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Man dies while hiking up the Grouse Grind

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Lauren Sundstrom Jul 21, 2016 1:10 am

A man in his 50s died while hiking up the Grouse Grind Wednesday evening.

North Shore Rescue’s Mike Danks tells Daily Hive that one of their own members happened to be hiking the Grind when he witnessed the man collapse at the halfway point at 8 pm.

“He called 9-1-1 and let search finders know as well,” says Danks. “We touched base with BC Ambulance, and they did confirm they got a 9-1-1 call for a cardiac arrest on the halfway mark on the Grind.”

Danks says their first priority was to get a helicopter up to the Grind, and it just so happens that Talon Helicopters had one in the area. Crews were sent to the Cap Gate search and rescue station where they did a reconnaissance mission, spotted the man, and liaised with the fire command.

“Due to the seriousness of the call, they opted for us to respond as well with a longline insertion.”

“This was a very well-coordinated response from three different agencies – that being BC Ambulance, District of North Vancouver Fire, and North Shore Rescue,” adds Danks.

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He says within 15 minutes of getting the call, they had an aircraft sitting ready for the go-ahead from Fire Command. They inserted four people via longline where the man was connected to an auto pulse device, which allows CPR to be performed while patients are in transit on stretchers.

Still, despite all the quick efforts from crews – there was even a physician nearby helping to resuscitate the man – he was pronounced dead at the Cap Gate SAR station.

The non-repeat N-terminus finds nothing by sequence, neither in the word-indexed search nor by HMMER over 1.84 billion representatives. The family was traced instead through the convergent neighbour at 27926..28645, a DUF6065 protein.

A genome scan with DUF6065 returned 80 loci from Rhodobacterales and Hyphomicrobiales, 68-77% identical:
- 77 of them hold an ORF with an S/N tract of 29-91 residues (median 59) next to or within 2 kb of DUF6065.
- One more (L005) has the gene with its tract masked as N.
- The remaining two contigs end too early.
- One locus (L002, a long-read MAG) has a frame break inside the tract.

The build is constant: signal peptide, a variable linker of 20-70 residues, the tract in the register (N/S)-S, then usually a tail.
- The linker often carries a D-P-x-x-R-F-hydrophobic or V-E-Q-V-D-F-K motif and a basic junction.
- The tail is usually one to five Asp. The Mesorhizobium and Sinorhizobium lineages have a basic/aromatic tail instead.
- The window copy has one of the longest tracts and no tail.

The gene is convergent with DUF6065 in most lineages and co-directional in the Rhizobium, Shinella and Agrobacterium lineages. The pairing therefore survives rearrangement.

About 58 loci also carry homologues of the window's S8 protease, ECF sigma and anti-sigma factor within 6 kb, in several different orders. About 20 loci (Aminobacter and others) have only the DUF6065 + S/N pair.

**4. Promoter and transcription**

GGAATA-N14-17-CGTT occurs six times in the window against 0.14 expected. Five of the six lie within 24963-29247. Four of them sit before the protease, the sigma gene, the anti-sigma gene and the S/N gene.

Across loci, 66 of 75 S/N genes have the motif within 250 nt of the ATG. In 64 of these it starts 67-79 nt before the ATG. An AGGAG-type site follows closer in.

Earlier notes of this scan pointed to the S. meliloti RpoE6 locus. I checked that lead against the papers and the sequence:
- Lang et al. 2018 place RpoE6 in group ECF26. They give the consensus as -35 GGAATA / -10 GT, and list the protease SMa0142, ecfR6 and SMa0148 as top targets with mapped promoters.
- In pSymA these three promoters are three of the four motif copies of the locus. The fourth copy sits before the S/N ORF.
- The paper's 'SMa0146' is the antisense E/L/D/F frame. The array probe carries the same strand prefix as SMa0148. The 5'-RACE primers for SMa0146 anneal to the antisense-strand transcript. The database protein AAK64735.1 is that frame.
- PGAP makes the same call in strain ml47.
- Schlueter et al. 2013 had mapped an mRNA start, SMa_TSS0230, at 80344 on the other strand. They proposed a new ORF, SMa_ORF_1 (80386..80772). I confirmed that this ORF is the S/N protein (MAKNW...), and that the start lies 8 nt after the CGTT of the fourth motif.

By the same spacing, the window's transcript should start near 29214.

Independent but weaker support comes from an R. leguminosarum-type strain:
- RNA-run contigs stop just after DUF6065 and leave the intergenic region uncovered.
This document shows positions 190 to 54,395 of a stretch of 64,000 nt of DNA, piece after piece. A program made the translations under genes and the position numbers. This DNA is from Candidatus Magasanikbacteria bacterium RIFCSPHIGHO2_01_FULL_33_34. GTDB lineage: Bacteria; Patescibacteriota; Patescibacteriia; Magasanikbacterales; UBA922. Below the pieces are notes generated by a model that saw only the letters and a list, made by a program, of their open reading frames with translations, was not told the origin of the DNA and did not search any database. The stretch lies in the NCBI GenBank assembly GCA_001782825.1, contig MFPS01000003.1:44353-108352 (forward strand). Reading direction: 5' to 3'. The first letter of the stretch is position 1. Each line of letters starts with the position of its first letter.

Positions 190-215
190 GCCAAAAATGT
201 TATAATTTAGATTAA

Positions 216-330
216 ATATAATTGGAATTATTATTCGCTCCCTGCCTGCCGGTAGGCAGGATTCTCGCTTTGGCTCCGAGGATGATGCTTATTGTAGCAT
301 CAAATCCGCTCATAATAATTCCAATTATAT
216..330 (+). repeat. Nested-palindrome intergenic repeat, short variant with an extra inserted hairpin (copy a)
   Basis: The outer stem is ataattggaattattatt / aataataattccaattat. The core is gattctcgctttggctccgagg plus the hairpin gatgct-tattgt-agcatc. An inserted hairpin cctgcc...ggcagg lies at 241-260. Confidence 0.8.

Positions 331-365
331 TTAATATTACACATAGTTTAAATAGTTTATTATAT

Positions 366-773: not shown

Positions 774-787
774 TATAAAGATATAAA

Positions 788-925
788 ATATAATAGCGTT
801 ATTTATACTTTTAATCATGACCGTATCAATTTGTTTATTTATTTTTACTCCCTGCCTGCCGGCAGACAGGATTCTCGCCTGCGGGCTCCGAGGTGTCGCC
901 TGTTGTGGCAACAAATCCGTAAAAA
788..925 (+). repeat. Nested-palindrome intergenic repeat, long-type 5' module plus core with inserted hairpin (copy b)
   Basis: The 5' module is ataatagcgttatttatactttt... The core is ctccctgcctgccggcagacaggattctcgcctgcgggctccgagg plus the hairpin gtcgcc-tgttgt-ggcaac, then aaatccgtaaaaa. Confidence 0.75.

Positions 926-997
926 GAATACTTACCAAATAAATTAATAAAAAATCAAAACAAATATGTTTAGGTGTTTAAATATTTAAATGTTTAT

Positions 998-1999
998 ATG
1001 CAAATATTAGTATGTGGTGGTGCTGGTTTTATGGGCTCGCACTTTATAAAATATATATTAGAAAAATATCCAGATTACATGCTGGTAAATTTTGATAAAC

“I will say this man had advanced care almost immediately – as soon as he dropped, he had people doing CPR on him, we had advanced care flown in very quickly. He received the best possible care and I think all of the responding agencies would be very proud of the response,” says Danks.

It’s unknown whether the man had pre-existing heart conditions, but Danks says it was the man’s first time doing the Grouse Grind.

“I think you really need to make sure your fitness level is adequate for the hike that you’re going to be doing,” says Danks. “For first time hikers, I think they should start with a bit more of a gentle hike just to gauge their fitness level.”

“The Grouse Grind is an excellent hike, but it’s an advanced hike because it’s very steep. In his defence, he might have been in good shape, and it’s just something that happens, but I think it’s important that people do a little bit of research,” he says.

So far this year, North Shore Rescue has dealt with more than 70 rescues, an unusually high number this early during hiking season. Danks says last year, they broke records with 139 rescues.


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Lauren Sundstrom
Lauren is a former staff writer at Daily Hive. She's a graduate of BCIT's Broadcast and Online Journalism program.

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